Essex farm workers 'overcome by slurry'
Two farm workers died when one tried to help the other out of a slurry pit in Essex, an inquest has heard.
Paul Gray, 50, disappeared when he climbed over a wall and into the pit after Craig Whipps became submerged in the slurry at Albyns Farm, near Ongar.
It was believed Mr Whipps, 27, had removed bolts from a problematic valve, causing the slurry to gush out, trapping him on 15 July 2011.
Both men would have been overcome by fumes, the inquest heard.
The hearing in Chelmsford was told Mr Whipps and another worker, Calvin Otto, were emptying the contents of a slurry storage tower into a slurry tank below.
A valve was not working properly, which was reported to farm owner Robert Torrance, who told them to "leave it alone".
'Boot sticking up'
The inquest heard that nuts, bolts and a ratchet spanner were later found in the slurry and on the balance of probability it was believed Mr Whipps had tried to solve the valve problem.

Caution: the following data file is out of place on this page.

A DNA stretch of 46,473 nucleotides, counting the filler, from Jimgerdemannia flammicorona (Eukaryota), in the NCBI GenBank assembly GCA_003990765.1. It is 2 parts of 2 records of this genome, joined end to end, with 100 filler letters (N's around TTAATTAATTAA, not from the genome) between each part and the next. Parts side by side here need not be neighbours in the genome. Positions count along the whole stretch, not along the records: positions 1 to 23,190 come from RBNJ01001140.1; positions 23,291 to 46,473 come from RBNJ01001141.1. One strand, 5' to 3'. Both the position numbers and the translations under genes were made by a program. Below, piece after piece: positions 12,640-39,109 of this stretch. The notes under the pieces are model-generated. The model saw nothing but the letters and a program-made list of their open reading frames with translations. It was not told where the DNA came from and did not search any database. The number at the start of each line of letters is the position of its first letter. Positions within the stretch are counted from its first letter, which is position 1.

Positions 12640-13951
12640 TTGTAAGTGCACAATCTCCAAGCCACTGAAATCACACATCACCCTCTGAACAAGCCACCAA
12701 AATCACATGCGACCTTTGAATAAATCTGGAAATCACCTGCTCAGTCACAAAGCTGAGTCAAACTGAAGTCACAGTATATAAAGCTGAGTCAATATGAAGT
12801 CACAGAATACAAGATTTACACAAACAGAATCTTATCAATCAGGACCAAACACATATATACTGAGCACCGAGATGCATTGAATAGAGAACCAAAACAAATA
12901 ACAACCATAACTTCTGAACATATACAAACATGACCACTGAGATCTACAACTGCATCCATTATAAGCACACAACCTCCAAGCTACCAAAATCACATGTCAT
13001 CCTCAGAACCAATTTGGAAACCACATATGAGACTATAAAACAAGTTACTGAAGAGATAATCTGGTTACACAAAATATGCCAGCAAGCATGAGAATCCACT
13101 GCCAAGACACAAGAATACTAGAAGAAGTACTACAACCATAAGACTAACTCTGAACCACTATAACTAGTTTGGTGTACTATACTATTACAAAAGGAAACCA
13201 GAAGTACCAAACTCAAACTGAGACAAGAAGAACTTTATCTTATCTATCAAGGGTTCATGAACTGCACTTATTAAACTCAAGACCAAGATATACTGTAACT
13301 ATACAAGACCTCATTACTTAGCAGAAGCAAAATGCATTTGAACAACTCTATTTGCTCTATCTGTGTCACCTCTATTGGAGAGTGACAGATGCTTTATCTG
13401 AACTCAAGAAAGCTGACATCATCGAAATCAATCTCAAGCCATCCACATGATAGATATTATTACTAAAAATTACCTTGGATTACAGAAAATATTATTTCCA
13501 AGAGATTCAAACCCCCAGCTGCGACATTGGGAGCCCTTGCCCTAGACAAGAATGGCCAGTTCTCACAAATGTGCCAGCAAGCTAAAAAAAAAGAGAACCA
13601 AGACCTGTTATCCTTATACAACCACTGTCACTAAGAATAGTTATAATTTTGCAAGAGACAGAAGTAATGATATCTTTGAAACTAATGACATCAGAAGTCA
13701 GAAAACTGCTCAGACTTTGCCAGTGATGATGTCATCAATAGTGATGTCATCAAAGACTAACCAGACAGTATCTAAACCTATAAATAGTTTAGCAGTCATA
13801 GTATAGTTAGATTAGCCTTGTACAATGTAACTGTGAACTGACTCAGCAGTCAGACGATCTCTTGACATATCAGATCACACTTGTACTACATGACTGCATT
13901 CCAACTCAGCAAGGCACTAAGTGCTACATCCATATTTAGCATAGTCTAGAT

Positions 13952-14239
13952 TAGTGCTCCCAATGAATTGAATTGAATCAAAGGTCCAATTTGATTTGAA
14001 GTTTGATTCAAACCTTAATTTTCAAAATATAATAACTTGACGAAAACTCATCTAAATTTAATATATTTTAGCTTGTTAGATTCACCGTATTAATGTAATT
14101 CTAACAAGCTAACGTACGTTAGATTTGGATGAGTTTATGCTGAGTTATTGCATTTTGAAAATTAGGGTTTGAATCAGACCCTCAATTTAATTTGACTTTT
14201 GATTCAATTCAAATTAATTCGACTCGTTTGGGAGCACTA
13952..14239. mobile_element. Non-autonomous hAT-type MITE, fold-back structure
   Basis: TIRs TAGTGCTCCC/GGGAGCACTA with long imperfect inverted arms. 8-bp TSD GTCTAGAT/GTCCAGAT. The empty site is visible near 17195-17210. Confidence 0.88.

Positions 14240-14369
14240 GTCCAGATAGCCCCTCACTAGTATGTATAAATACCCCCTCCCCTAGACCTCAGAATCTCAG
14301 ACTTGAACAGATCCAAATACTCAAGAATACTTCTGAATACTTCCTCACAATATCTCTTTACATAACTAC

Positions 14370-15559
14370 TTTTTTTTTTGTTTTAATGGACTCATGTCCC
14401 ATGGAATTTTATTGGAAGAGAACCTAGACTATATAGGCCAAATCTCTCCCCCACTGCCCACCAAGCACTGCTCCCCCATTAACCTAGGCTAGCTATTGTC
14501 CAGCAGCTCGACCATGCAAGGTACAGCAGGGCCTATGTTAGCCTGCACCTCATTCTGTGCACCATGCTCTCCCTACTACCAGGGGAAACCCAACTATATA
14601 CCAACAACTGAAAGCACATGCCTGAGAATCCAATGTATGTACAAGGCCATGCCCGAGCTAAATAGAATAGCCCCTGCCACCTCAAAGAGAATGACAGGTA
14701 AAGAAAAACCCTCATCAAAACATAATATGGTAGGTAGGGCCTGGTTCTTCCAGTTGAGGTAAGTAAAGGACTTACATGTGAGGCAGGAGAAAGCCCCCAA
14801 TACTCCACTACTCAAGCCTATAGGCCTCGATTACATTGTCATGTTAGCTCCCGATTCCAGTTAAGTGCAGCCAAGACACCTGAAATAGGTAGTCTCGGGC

The slurry gushed with such force it buckled a quarter-inch thick metal plate and would have trapped Mr Whipps, the inquest was told.
Mr Torrance said: "When I arrived, the slurry was flowing down.
"I could see Craig submerged with a boot sticking up on top of the discharge pipe, his left boot.
"The rest of his body was submerged."
Mr Torrance said Mr Otto was dragged free and was struggling to breathe but no one could get to Mr Whipps, of Stapleford Abbots.
He said he saw Mr Gray and told him "Craig is gone, get back".
He added: "That was the last I saw of him [Mr Gray], I assumed he had got out."
Mr Gray climbed over a 5ft wall to help Mr Whipps and it was only apparent that he too had died when his family turned up at the farm to find out what happened.
The inquest was told fumes, including hydrogen sulphide, would have been emitted in such vast quantities with the slurry that anyone in its path would have collapsed almost immediately.
The hearing continues.